The bane of the Summer Camp councilor, the fear of every hiker, the worry of the adventurous child’s parents, the dreaded Poison Ivy. Found all across the United States with a few exceptions in the far west, Poison Ivy can readily be found most anywhere not of desert climate or high altitude. Able to grow vertically by climbing trees, or crawling across the floor of a pine forest, folks with a fondness for the great outdoors must be vigilant in their look out for this three leafed beast.
Poison Ivy can be found growing at the edges of any type of field within its range; edges of the forest, sides of the road, and environments that were razed to make way for shopping malls and new home divisions. For the hiker and camper a cautious eye must be kept along trails, lakes, ponds, open fields, and beaches.
The leaves of the plant itself are not the perpetrators that cause rashes and blisters. The actual antagonist is an oil secreted by the plant called Urushiol, (you-ROO-shee-all). This oil can be found not only on the leaves of the Poison Ivy, but on the stems and the root system as well.
The skin will absorb the oil within ten to sixty minutes after contact. Up to eighty percent of people will have an allergic reaction to the chemicals in urushiol, though many will not have a rash after their first exposure. Allergic sensitivity to the oil is known to be genetic, so parents who are identified to have more severe reactions should take extra precautions for their young ones. Inhalation of the air borne particles from the burning of Poison Ivy and the oil can cause damage to the respiratory system and may require immediate medical attention.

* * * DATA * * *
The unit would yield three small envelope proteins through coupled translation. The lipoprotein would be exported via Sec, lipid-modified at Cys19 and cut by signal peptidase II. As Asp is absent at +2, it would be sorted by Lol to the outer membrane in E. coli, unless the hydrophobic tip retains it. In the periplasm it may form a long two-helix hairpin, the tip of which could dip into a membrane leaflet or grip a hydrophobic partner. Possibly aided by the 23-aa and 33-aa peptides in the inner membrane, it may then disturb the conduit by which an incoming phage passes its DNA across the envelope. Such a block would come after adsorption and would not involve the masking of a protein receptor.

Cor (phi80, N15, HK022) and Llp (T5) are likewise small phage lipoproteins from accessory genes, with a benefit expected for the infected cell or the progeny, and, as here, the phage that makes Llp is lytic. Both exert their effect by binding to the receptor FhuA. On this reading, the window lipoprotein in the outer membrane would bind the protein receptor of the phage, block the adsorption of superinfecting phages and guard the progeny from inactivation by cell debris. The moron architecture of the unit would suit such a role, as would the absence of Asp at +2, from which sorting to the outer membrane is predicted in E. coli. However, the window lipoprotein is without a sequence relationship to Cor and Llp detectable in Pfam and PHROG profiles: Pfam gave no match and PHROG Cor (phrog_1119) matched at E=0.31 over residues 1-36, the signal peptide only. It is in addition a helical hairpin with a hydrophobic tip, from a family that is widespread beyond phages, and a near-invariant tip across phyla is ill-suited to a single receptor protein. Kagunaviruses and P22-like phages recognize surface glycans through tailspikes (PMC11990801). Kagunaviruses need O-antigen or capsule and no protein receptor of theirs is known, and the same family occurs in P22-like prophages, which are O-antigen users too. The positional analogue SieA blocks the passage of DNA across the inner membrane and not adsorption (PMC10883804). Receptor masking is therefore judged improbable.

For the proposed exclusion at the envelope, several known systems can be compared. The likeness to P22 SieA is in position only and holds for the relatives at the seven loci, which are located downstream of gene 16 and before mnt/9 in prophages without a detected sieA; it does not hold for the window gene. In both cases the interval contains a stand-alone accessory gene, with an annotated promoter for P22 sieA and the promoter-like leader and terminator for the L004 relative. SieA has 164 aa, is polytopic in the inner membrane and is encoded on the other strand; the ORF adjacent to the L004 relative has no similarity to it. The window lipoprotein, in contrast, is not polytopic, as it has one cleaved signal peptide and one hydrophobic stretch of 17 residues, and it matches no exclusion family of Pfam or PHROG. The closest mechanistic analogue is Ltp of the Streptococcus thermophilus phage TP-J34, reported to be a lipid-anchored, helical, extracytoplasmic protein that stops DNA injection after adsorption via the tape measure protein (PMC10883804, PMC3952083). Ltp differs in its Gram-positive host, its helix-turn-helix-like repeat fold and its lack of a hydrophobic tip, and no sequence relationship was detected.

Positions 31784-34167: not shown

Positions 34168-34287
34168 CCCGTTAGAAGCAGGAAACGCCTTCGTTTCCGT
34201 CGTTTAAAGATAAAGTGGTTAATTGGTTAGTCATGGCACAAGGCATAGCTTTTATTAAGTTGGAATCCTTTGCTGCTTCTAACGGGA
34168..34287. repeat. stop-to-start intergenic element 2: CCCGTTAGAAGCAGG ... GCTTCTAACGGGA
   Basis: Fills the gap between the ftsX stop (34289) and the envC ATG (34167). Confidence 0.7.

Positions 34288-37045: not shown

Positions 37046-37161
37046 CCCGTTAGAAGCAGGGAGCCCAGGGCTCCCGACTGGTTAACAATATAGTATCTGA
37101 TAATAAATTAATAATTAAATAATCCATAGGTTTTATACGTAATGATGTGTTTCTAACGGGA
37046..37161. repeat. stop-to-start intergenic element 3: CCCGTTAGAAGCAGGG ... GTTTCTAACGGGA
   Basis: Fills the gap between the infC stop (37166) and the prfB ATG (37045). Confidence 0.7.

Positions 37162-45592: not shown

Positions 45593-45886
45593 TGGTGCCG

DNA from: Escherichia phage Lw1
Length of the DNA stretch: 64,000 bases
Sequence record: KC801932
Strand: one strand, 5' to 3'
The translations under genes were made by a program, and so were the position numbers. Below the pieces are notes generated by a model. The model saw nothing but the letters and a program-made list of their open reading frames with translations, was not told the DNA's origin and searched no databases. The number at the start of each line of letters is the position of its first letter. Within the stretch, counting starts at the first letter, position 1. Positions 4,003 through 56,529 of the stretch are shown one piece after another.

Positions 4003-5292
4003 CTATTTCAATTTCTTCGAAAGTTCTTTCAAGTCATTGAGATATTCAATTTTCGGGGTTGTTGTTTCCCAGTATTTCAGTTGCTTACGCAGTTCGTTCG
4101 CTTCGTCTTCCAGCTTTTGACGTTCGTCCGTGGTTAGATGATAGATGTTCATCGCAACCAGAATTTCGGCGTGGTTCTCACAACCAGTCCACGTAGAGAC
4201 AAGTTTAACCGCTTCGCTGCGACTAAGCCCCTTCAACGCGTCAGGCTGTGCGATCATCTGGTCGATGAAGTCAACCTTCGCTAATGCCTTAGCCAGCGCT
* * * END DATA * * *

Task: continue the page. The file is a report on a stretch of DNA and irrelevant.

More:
An unfortunate encounter with this fiend may result in only slight exposure and a few small irritated spots, the itching feeling growing worse over time, or you may be covered from head to toes with massive red rashes, sores, and blisters. From best case scenario to worst, contact with urushiol will most often result in some degree of discomfort. Often seen are the signs of exposure to the face, with swollen eyes and over puffy cheeks, bright red rashes, and a look of extreme unhappiness hidden underneath. While there are a variety of over the counter and home made remedies, the final verdict is still out on whether any of these actually help reduce the length of time symptoms will persist. Truly, your best bet is to successfully avoid contact at all costs.
It is not always easy to spot the three leaves of the Poison Ivy plant. The inexperienced and the young are most at risk of accidental exposure, so they should be taught how to spot and avoid the plant. Remembering the phrase, “If three leaves there be, avoid it shall yee,” can be a helpful reminder, but there are quite a few plants out there that boast leaves with little difference in appearance from the Poison Ivy. Using images of the plant or finding a real life example to let your children carefully view is a great way to become familiar with the general look of the plant. In the spring while the leaves are young they will be a nice bright red, fading to a dull green in the summer while new leaves of that season will be shiny and still a bit reddish. In the fall the leaves will blend with the rest of the colors of autumn in yellows, reds, and orange. During the winter, the Poison Ivy plant may have shed its leaves, but the twigs and shrubbery left behind can still have potent urushiol oil on them. Caution should be taken at any time of the year.
Here is how to make a safe homemade weed killer (including poison Ivy). Write down the directions so you don’t forget it!
This is great way to avoid the harsh toxic chemicals in roundup.